Sunday, July 25, 2010
By Ruthie Bently
I love going to auctions and yard sales; they are a great place to find inexpensive items you can repurpose or reclaim and use with your pets. Repurposing, which is different from recycling, means to give a new purpose or use to something. Reclaiming is the act of making something available for use or to rescue it from an undesirable state. If cash is limited, you don’t even need to go out to find these reusable items. You can make pet beds (including stuffing) out of your old blankets, pillow cases, mattress pads, sheets, towels, quilts and clothing.
If you have the time, you can sew your pet bed by hand. For large beds, you may want to use a sewing machine. You don’t have to be an expert with a sewing machine – knowing the basics and being able to sew a straight stitch is all you need. You shouldn’t need a heavy duty sewing machine, but it’s good to have several sturdy needles suitable for sewing heavier fabrics or multiple layers. Thread, a stitch ripper and sturdy pair of scissors round out the supplies list.
If you are totally helpless around a sewing machine, Velcro® is a handy thing to have. The fabric you choose will depend on how roughly your pet treats things. If it’s for a dog, their digging ability needs to be considered, as dogs will dig to adjust their bed to their liking, especially if it is used in their crate. Cats scratch things and while dogs don’t scratch in the same manner, you want to stay away from fabrics that have an open weave. Your pet’s toenails may get caught in it.
Some of the items you choose can be cut with scissors to fit your purpose. You may choose to sew items instead, depending on what you intend to use them for. If you’re making a simple mat for a small dog or your cat’s favorite sleeping spot, a mattress pad or quilt cut into four to eight pieces works well. Trim the elastic edge off the mattress pad, fold it in half and cut the halves apart. Take the remaining two pieces and cut again. If it is still too large, fold and cut the remaining pieces until you have the desired size. A simple whip stitch or straight stitch will keep the edges from raveling. If you want a thicker pad or more substantial bed, you can use a pillow case as a cover for the layers you have just cut. You can stitch thin pieces of Velcro to the inside edge of the pillow case’s opening to use as an easy closure.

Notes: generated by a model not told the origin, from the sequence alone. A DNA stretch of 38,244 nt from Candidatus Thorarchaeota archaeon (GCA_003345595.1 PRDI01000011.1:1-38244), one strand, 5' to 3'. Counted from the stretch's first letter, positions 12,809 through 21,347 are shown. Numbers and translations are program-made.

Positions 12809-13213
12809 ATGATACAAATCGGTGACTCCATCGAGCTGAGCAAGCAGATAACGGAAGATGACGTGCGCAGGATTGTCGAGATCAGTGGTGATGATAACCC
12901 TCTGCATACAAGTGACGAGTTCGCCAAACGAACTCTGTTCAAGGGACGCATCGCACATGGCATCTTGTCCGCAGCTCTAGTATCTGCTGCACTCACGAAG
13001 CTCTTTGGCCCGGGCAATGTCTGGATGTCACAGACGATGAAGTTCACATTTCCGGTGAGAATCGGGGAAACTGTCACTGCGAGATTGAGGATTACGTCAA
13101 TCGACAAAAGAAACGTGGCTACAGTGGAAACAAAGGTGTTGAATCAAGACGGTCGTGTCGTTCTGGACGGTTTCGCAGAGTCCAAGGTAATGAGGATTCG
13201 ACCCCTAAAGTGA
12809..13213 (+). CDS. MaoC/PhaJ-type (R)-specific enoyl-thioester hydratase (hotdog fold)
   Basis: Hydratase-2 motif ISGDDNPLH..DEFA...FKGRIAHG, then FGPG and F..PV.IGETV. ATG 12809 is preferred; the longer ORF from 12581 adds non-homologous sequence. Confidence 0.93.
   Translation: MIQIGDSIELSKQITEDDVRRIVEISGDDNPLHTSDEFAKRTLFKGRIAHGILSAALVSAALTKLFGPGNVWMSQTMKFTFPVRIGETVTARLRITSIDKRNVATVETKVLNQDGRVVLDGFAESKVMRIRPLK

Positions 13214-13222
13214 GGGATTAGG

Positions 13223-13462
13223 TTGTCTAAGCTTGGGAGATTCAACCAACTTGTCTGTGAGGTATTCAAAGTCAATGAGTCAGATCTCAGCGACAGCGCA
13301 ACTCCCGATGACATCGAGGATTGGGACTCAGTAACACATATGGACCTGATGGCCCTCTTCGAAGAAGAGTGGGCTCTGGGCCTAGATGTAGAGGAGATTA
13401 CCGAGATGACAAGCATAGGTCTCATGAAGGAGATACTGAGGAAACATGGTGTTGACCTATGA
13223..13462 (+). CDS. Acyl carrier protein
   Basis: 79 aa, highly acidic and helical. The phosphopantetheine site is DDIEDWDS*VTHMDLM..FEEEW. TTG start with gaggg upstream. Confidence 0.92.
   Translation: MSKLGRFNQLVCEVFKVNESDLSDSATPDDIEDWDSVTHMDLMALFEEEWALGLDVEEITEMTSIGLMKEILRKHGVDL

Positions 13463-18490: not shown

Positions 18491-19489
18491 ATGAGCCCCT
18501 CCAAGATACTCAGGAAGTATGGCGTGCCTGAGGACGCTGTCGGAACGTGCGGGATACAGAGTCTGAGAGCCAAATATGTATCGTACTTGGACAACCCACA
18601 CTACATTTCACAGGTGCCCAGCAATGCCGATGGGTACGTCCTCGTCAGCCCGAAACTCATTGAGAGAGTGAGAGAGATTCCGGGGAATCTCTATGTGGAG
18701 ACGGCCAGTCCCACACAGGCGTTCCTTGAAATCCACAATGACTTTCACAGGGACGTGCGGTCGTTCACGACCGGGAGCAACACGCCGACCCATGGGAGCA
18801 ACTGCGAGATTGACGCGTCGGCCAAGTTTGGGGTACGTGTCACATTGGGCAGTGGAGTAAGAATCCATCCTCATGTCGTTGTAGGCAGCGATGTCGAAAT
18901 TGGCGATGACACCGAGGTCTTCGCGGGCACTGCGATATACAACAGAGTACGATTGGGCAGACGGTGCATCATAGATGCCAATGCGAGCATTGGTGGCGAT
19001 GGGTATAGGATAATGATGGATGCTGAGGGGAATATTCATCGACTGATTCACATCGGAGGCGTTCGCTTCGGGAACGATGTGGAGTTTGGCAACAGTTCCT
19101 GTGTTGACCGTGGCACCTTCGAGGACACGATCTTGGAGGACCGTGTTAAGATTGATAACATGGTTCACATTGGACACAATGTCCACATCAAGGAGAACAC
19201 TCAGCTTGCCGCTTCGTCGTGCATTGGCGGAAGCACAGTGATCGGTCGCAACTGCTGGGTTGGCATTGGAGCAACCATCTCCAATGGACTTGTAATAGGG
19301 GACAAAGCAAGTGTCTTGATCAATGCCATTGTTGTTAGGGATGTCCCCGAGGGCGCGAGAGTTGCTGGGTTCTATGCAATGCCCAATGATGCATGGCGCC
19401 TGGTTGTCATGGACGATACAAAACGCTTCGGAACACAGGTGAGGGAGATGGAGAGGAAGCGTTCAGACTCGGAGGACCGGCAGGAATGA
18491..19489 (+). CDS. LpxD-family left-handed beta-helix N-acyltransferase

If you’re using a quilt or a mattress pad to make a pet bed for a larger dog, folding in half and folding again creates a good size. Tacking the corners will hold it flat, but may make it harder to wash. If you just want a flat mat, folding in quarters and cutting as above works well. You can find dog bed patterns you can make online. Though some suggest using old couch cushions, I wouldn’t, since you don’t know what may be lurking in the foam of the cushion. Over time the composition of the foam tends to break down. You don’t want your dog to chew it up and ingest it either.
I have found making a bed from blue jeans to be an easy project. I rip the inseam leg stitches out up to the crotch, and stitch the fronts of the legs together at the center creating a new seam. I then sew a new seam by stitching the backs of the legs together. To make a bottom seam, I stitch the bottom of the pants closed where the feet would have exited. You can then stuff it with cotton towels or the items you created above if you want more layers. A blue jean skirt works well for a bed too, you only have to sew one seam. I would not suggest using Velcro on more than one seam if you have a dog that likes to shake things; you may come home to find stuffing all over the room.
Whatever item or items you choose to repurpose or refurbish to suit the needs of your pet’s bed, you are only limited by your imagination. You may never look at an old pair of blue jeans the same again. Not only are you keeping something from ending up in a landfill, you are giving new life to an item that still has life to give.
Read more articles by Ruthie Bently